Tales From Rural Pakistan
By SABRINA TAVERNISE
New York Times, July 24, 2009
IN the steamy heat of central Pakistan, a novelist is writing. He describes a hidden world of servants and their feudal masters, the powerlessness of poverty and the corruption that glues it all together.
These lives, tucked away in the mango groves, grand estates and mud-walled villages of rural Pakistan, are rarely seen by outsiders. But the writer, Daniyal Mueenuddin, a Pakistani-American who lives here, has brought them into focus in a collection of short stories, “In Other Rooms, Other Wonders,” published this year.
They are intimate portraits that raise some of the biggest questions in Pakistan today. Why does a small elite still control vast swaths of land more than 60 years after Pakistan became a nation? How long will landlords continue to control the law and the lives of the peasants on their land in the same way British rulers did before them?
Mr. Mueenuddin, 46, offers a richly observed landscape that is written with the tenderness and familiarity of an old friend. The estate Mr. Mueenuddin lives on in southern Punjab, Pakistan’s biggest province, belonged to his father, a prominent Pakistani civil servant, and he used to come here as a boy.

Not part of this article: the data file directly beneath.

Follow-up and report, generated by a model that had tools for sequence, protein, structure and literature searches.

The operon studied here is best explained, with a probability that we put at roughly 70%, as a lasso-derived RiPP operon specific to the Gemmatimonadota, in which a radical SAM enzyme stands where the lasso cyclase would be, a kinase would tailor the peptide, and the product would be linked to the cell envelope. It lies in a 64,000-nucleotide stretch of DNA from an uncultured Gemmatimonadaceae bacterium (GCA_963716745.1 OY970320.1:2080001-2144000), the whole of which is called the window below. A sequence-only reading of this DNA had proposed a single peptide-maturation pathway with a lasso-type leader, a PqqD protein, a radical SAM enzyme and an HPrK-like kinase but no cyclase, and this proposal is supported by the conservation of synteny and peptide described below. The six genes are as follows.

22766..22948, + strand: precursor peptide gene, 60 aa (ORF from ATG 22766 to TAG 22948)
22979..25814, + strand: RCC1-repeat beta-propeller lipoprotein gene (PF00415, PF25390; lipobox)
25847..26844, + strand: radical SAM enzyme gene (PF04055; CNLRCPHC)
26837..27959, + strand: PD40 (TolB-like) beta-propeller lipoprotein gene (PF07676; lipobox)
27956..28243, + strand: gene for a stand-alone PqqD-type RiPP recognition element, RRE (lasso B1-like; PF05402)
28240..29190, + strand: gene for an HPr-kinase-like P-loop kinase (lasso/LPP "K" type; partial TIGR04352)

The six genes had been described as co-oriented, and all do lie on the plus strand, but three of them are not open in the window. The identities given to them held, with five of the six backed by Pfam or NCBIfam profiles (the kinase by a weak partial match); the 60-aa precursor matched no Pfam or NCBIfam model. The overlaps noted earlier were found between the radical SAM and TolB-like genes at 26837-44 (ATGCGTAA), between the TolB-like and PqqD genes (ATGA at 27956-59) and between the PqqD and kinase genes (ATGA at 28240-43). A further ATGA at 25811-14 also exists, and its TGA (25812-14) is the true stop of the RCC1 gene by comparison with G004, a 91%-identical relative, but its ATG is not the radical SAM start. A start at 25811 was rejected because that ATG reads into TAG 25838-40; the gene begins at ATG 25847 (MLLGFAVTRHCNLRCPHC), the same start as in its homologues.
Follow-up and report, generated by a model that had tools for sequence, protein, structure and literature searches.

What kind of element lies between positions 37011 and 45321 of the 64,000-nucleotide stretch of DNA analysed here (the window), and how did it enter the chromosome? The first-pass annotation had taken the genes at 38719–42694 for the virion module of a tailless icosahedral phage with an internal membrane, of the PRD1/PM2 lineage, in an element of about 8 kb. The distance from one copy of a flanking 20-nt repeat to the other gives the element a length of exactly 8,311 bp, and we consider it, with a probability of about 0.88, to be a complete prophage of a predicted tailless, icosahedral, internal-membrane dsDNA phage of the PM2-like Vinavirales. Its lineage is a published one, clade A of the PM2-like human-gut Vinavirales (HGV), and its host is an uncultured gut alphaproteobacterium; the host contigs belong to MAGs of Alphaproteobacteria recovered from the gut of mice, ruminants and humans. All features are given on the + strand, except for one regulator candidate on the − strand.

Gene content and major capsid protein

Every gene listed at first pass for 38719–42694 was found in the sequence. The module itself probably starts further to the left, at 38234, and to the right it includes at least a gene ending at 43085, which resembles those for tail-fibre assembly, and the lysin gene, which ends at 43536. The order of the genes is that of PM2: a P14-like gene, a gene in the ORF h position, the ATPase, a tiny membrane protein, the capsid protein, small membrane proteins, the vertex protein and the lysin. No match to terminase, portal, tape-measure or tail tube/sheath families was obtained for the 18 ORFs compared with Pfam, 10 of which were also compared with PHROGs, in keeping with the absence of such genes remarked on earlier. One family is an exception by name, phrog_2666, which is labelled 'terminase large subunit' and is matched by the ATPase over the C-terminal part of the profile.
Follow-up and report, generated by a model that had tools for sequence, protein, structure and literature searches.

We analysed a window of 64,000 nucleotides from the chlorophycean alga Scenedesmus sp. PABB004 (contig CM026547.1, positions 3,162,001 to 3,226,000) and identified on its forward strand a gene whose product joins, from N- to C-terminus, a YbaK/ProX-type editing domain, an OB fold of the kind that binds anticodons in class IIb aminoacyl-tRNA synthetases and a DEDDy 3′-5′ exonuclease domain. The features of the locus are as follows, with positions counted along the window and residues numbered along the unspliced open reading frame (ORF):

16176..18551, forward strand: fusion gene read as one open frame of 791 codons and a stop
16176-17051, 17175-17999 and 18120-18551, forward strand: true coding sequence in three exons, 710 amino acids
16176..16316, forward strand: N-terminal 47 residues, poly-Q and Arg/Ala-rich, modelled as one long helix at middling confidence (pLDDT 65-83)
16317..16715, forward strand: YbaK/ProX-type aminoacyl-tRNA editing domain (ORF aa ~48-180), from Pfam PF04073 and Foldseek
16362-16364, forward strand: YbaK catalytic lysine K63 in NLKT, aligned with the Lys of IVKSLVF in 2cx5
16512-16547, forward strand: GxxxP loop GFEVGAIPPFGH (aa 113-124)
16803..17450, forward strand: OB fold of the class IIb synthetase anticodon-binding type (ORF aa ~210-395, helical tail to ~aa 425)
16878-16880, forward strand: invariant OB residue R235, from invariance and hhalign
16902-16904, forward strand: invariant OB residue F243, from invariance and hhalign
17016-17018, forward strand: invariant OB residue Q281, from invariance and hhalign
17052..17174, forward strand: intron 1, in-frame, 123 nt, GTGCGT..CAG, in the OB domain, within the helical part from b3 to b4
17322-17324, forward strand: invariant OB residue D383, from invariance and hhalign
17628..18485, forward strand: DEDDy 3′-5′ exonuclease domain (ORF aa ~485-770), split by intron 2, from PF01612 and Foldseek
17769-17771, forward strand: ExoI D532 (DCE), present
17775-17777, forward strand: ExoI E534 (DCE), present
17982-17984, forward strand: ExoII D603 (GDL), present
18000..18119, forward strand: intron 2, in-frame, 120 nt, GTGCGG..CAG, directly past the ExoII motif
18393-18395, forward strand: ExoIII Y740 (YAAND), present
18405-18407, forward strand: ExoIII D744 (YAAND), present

His parents met in the United States in the 1950s. His father was negotiating a treaty, and his mother was a young reporter for The Washington Post. They later moved to Pakistan, but the country proved difficult with its web of expectations and relationships, and she took her sons back to the United States when Mr. Mueenuddin was 13.
Memories of this land stayed with him, however, and he returned after college in 1987 as an aspiring writer. He found upon arrival a decaying, colonial-era system, whose owners — his own family — had long stopped paying attention. The farm’s profits were declining and its borders were shrinking: The managers were pilfering land and planting their own crops.
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